By ANNE RAVER
When you stop thinking about plants as pretty outdoor furniture on a green rug, and see them as complex organisms that feed thousands of beneficial insects, birds and mammals, your garden becomes another universe.
My husband and I moved up from an old farm property in Maryland to a sunny corner lot in the middle of Warren, R.I., a few years ago, and decided to devote most of the space to a large kitchen garden, surrounded by plants that would feed and shelter wildlife.
We kept some of the old plants that were here: a gnarled cedar tree, purple lilacs, a magnolia, and two purple smoke trees that edged the yard, as well as the horse chestnut and craggy catalpa near the house.
But we took out almost everything else: a couple of Japanese maples and peonies, German irises, hybrid tea roses, burning bushes, and a severely clipped row of yews alongside the house.
We dug up a good part of the lawn for our vegetable garden, another swath for prairie flowers such as Joe Pye-weed, ironweed and rudbeckias, and another for what must look like a collection of weeds — goldenrods, little bluestem, river oats, milkweed — and sticks — native viburnums, birch, beach plum, staghorn fern, high bush blueberry — to our neighbors, because they are still too young to look like anything else.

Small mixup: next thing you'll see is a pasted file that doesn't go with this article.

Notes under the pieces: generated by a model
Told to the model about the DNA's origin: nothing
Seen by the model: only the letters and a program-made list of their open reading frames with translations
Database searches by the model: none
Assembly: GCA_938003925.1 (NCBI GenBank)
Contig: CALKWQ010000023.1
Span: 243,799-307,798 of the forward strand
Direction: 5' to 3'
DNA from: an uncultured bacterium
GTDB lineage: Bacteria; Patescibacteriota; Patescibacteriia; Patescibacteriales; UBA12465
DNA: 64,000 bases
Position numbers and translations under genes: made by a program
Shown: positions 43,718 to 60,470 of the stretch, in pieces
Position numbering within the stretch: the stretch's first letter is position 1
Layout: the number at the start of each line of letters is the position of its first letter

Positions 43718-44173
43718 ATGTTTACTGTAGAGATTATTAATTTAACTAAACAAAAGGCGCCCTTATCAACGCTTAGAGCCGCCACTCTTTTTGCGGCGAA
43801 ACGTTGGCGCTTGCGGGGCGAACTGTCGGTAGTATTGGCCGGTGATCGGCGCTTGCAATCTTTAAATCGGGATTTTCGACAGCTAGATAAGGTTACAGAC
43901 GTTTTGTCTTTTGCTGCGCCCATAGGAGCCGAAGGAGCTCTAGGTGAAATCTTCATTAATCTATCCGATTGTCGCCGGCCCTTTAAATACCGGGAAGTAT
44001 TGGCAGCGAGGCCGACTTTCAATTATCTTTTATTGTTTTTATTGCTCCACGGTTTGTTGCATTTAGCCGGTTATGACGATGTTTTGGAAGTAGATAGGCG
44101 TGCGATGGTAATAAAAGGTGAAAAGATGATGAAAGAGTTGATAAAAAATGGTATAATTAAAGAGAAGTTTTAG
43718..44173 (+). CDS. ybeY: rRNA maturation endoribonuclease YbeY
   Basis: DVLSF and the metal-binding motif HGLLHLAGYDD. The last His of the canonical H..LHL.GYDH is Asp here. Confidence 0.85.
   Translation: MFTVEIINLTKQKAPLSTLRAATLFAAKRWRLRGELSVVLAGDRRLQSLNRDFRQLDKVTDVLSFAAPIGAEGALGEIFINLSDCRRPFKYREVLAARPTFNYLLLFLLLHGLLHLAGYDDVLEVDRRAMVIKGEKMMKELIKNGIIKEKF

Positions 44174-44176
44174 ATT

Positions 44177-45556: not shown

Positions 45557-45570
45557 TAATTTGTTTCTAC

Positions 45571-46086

They can’t see what we see in our mind’s eye: these plants as they develop and fill in over the years, providing a lush and beautiful habitat for insects, birds and animals.
It’s easy to get inured to the grim statistics: 95 percent of the wilderness that once lay across the continental United States is now covered with cities and suburbs, 30 million acres of lawn, highways and malls, industrial parks, landfills, and many forms of agriculture.
That leaves just 5 percent for wildlife. No wonder half the bird species of 40 years ago have disappeared. Or that more than one-third of North American birds, 432 species, are at risk of extinction.
I’ve been gardening all my life, and writing about it for more than 30 years. I love my double French lilacs and fragrant Korean spicebush as much as anyone. But it wasn’t until I read Douglas W. Tallamy’s book Bringing Nature Home, first published in 2007, that it dawned on me. Most of these lovely sturdy beauties from other countries, hardly ever touched by disease or insects, don’t feed our native insects and birds. We are starving them with our pretty landscapes.
Because plants, insects and animals have co-evolved through the millennia, they have very specific relationships key to their survival. Many plants contain toxic or unpalatable compounds to keep from being eaten, but certain insect species, evolving with them, can digest those chemicals.
Butterflies lay their eggs on the leaves of plants that can be eaten by particular caterpillars, which in turn are snatched up by hungry birds who carry them off to feed their young.
These caterpillars are rich in fat and protein. “Like a steak for birds,” Tallamy, an entomologist, told me, the first time I talked to him for an article. I’d been planting natives for the bees and the birds for years, but I never really thought about caterpillars as burgers for birds.